He had found a world of freedom unimaginable to a public schoolboy raised on an almost idolatrous passion for The State. Most Palestinians never set eyes on a policeman, and lived for decades without engaging with government in any way. Islamic law was administered in its time-honoured fashion, by qadis (local judges). Villages chose their own headmen, or inherited them, and the same was true for the bedouin tribes. The population revered the Sultan-Caliph in faraway Istanbul, but understood that it was not his place to interfere with their lives.

It was this freedom, as much as intellectual assent, which set Marmaduke on the long pilgrimage which was to lead him to Islam. He saw the Muslim world before Westernisation had contaminated the lives of the masses, and long before it had infected Muslim political thought and produced the modern vision of the Islamic State, with its centralised bureaucracy and its secret police. He would have converted to Islam immediately but was discouraged by an imam who was concerned about the shock this would be for the lad’s mother, telling him to delay his decision till the moment was right.

Throughout his life Pickthall saw Islam as radical freedom, a freedom from the encroachments of the State as much as from the claws of the ego. It also offered freedom from the narrow fanaticism and sectarian bigotry which characterised and still characterises the myriad sects of Christianity. Superstition and priestcraft were abhorred. The Reason-God was immanent in creation, a blessed sign of God’s nearness. The brotherhood of Muslims which he observed in Syria, the respect between Sunni and Shia, and their indifference to class distinctions in their places of worship, seemed to be the living realisation of the dreams of the Diggers, English radicals at the time of Cromwell’s Commonwealth.

In 1917, in London, as the “Christian” nations committed mass murder in the war-to-end-all-wars, during a lecture on “Islam and Progress”, he took the plunge. As the New Statesman put it in 1930, reviewing his Quranic translation, “Mr Marmaduke Pickthall was always a great lover of Islam. When he became a Muslim it was regarded less as conversion than as self-discovery.”

The war ground on, and Pickthall watched as the Turks trounced the British and colonial troops at Gallipoli, only to be betrayed by the Arab uprising under TE Lawrence. Pickthall despised Lawrence as a shallow romantic, given to unnatural passions and wild misjudgements. As he later wrote, reviewing the Seven Pillars of Wisdom, “He really believed that the British Government would fulfill punctually all the promises made on its behalf. He really thought that it was love of freedom and his personal effort and example rather than the huge sums paid by the British authorities and the idea of looting Damascus, which made the Arabs zealous in rebellion.”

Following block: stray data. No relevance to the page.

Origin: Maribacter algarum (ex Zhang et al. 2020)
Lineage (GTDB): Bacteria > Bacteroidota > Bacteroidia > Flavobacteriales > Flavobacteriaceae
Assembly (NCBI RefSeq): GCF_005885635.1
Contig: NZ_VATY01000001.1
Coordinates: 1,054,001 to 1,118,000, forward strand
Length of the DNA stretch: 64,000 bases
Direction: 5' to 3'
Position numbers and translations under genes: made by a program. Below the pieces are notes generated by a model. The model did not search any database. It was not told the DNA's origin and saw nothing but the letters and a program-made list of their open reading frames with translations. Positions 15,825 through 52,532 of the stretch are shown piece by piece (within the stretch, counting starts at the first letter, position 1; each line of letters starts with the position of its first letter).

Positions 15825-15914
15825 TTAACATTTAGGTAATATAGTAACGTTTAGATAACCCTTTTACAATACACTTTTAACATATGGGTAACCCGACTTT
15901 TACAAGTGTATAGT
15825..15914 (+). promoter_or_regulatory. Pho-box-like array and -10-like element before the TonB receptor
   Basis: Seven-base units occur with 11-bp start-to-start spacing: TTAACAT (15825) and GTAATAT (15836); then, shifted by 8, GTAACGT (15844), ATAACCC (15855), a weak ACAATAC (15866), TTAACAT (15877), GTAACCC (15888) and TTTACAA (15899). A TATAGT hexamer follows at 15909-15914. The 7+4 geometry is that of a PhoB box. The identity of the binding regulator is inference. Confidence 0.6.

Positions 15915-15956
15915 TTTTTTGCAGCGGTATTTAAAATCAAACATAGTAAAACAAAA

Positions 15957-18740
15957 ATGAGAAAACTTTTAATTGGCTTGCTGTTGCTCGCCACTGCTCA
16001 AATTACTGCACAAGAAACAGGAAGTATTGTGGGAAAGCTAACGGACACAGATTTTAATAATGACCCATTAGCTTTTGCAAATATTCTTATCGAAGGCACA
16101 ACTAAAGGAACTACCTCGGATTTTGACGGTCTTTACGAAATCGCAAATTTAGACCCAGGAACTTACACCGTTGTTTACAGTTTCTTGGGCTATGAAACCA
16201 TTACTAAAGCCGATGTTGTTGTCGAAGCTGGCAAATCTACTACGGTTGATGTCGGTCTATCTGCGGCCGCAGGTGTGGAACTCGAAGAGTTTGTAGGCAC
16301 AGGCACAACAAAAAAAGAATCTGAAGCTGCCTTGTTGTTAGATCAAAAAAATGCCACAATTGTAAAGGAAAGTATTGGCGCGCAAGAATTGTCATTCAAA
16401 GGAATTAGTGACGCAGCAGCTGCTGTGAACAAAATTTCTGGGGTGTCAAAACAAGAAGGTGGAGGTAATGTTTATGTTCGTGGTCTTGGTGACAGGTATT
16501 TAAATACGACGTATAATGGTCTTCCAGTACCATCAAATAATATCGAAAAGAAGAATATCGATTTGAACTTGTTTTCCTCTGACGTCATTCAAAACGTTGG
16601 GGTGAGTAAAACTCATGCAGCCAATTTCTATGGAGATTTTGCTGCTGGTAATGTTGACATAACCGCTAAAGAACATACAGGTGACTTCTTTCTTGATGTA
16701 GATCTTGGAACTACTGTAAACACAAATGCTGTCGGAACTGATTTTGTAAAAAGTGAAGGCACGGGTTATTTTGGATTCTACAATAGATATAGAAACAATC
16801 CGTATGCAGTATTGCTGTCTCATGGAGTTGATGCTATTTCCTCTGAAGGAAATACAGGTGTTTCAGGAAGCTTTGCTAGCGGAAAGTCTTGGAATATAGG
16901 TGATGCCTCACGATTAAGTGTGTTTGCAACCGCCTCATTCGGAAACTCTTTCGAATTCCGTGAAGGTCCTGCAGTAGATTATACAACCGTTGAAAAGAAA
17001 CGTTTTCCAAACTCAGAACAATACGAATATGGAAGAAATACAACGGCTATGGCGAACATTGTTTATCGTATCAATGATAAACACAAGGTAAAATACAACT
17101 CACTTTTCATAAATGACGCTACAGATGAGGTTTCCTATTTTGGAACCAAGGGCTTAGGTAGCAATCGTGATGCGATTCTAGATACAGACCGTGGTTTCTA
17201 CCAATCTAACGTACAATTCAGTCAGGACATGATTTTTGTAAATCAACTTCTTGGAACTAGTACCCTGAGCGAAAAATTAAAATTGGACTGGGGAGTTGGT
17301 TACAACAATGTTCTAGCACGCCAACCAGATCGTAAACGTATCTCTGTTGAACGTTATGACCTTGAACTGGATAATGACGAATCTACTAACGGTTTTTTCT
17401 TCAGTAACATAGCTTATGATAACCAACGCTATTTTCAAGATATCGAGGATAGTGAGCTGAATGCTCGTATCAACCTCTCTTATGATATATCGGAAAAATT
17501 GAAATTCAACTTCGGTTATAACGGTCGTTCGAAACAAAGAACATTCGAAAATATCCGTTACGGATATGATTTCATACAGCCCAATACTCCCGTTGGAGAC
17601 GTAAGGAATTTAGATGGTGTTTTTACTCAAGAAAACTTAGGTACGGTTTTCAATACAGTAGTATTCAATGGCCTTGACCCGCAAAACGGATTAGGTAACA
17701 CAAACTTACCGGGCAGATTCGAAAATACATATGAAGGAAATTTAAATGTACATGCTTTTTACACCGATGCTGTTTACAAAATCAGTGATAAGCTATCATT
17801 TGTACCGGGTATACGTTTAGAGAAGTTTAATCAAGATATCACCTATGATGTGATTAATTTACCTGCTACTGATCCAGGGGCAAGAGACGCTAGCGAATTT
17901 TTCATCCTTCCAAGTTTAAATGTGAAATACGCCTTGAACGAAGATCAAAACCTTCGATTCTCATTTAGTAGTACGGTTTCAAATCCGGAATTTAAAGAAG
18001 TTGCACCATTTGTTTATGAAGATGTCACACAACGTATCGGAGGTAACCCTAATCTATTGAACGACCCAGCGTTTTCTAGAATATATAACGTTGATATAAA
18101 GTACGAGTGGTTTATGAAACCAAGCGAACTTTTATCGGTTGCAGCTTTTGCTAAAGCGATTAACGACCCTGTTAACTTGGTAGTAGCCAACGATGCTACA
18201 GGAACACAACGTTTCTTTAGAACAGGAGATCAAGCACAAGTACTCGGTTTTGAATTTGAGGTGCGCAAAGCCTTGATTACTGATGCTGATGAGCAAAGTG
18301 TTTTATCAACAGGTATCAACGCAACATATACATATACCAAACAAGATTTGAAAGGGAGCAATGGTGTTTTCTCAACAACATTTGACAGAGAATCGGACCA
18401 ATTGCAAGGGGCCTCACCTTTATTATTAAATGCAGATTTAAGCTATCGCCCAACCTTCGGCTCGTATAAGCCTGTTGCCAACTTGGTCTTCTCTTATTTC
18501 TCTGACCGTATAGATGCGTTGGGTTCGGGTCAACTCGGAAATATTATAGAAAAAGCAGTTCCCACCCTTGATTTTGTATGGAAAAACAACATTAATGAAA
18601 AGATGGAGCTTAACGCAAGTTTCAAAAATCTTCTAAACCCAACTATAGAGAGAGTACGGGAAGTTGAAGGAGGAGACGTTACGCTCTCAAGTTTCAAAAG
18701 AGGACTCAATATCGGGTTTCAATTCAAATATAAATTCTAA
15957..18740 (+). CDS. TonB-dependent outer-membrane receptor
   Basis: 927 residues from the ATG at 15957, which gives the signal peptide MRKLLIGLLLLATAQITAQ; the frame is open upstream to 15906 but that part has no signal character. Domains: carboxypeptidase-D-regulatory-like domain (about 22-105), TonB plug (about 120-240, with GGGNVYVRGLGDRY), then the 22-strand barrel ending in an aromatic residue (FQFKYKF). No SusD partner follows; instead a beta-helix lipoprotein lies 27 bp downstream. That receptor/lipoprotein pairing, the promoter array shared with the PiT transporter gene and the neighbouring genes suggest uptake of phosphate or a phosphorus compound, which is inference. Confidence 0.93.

Once a friend of Winston Churchill’s, Pickthall broke with his elite friends, moved to India to teach and write, and became a close associate of Gandhi, supported the ulama’s rejection of violent resistance to British rule. Nonviolence and noncooperation seemed the most promising means by which India would emerge as a strong and free nation. When the Muslim League made its appearance under the very secular figure of Muhammad Ali Jinnah, Pickthall joined the great bulk of India’s ulama in rejecting the idea of partition. India’s great Muslim millions were one family, and must never be divided. He also continued his Friday sermons, begun in the working class mosque in Woking, preaching at the great mosque of Bijapur and elsewhere, now in Urdu.

In 1935 Pickthall returned to England. His school and journal Islamic Culture were flourishing. Henceforth he had forever to deny that he was the Fielding of his friend EM Forster’s novel A Passage to India. The last lines he wrote were from the Quran: “Whosoever surrendereth his purpose to Allah, while doing good, his reward is with his Lord, and there shall no fear come upon them, neither shall they grieve.” (5:69) A Don Quixote, peripheral to the great forces of imperialism, with its agenda of war and subjugation, but a template for the post-imperial man, citizen of the world, a modern saint.

His early love affair with life under the Ottomans meant he witnessed the dismemberment of the Caliphate, not as TE Lawrence and Philby’s “liberation”, but as a tragedy, resulting in hundreds of thousands of deaths, the ethnic cleansing of millions, the planting of ethnic hatred among peoples who had lived in harmony for centuries, and a fatal blow to Islam. However, while rejecting bitterness and calls for violent revenge, he was convinced that Islam’s victory would come through changing an unjust world from within.

Pickthall’s contemporary and bête noire, TE Lawrence was a horse of a different colour. Second of five illegitimate sons of an Irish baronet and his governess, Lawrence lived out his troubled youth on a world scale. He ran away from home in 1905 and served as a boy soldier in Cornwall. Fascinated by the Crusades, his first journey to the Middle East was a solo three-month walking tour of crusader castles in Syria, during which he travelled thousands of miles on foot and learned Arabic. His Oxford graduation thesis was The influence of the Crusades on European Military Architecture—to the end of the 12th century. He subsequently worked on archeological digs in northern Syria.